Understanding the potential impacts of climate change on hawksbill turtle migration

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A female hawksbill returns to the sea after being fitted with a satellite tracking device.
© Grupo Jaragua/INTEC

WWF, as part of a collaborative project, is tracking hawksbill turtles in the Caribbean to discover secrets of the turtles' migratory patterns and how their journeys may be affected by climate change.
Throughout their adult lives, many female sea turtles move thousands of kilometers between feeding and nesting areas. Exactly how sea turtles navigate between these areas remains a mystery but it is thought that they may use a number of different guides to find their way. Some of these cues may be features of the ocean such as ocean currents and sea surface temperatures.

It is important to understand how these features affect sea turtle movements so that we can predict if migration patterns might change in the future with climate change. One of the manifestations of climate change is increasing sea surface temperatures, which have the potential to not only influence sea turtle distribution but also to alter sea surface currents. If sea turtles use these features in their trans-oceanic movements, changes could result in sea turtles using different foraging and nesting areas.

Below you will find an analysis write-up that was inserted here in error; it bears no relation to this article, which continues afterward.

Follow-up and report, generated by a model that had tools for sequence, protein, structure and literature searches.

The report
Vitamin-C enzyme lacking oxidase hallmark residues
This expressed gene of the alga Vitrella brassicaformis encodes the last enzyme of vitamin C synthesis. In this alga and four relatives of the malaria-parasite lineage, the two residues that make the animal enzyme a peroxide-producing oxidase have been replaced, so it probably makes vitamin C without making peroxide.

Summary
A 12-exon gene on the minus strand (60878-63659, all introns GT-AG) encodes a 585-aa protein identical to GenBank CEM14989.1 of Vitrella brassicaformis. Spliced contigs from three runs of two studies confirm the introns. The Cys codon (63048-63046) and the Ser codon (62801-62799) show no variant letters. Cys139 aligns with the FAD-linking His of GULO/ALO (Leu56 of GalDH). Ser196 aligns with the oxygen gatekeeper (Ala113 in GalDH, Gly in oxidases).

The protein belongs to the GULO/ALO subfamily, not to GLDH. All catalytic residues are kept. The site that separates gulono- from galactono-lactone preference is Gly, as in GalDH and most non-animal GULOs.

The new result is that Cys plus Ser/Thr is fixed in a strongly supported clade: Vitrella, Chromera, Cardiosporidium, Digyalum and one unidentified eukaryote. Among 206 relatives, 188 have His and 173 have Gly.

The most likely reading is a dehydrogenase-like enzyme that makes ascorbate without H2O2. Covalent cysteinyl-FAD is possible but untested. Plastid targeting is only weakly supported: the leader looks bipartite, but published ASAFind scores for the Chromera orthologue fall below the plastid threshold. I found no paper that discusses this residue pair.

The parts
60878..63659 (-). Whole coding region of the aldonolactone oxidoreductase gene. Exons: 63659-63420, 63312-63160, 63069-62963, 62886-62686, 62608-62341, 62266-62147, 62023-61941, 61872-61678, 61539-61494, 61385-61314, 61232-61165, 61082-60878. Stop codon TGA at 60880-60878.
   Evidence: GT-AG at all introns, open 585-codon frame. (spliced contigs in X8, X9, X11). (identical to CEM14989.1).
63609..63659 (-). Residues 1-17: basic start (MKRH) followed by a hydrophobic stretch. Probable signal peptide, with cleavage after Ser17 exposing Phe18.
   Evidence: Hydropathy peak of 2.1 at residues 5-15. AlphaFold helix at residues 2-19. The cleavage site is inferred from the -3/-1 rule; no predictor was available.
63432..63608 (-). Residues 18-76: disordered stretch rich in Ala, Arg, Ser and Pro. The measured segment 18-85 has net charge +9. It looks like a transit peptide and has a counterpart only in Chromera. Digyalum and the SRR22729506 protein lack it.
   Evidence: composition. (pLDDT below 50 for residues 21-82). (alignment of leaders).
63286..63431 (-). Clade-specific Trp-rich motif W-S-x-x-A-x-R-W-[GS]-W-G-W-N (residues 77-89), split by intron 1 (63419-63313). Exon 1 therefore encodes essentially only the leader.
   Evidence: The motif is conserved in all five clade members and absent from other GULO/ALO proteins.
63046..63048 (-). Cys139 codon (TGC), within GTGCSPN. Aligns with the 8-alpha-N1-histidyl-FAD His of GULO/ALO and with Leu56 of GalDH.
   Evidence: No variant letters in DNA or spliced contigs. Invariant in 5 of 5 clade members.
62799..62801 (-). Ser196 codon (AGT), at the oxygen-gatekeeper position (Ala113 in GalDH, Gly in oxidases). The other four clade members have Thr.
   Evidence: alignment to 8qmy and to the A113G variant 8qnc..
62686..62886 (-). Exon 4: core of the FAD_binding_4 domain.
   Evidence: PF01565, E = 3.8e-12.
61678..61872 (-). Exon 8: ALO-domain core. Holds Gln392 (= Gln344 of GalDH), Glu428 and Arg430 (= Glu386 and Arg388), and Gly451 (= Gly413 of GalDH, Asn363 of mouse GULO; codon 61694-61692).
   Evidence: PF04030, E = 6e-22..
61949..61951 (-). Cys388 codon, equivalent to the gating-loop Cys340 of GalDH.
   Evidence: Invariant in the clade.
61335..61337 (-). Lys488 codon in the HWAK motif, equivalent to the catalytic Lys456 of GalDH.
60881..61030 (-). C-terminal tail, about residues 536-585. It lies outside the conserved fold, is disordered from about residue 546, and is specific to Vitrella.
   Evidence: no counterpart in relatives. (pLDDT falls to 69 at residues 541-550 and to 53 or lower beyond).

To try and answer some of these questions, WWF is involved in a multi-institutional project that is following the movements of 6 hawksbill turtles as they travel across the Caribbean from their nesting sites in the Dominican Republic. By fitting the turtles with satellite tags it is possible to track their journeys across the sea and see how their movements relate to sea surface temperature, currents and other oceanographic features.

Check out the turtles tagged this season and find out where they are going.

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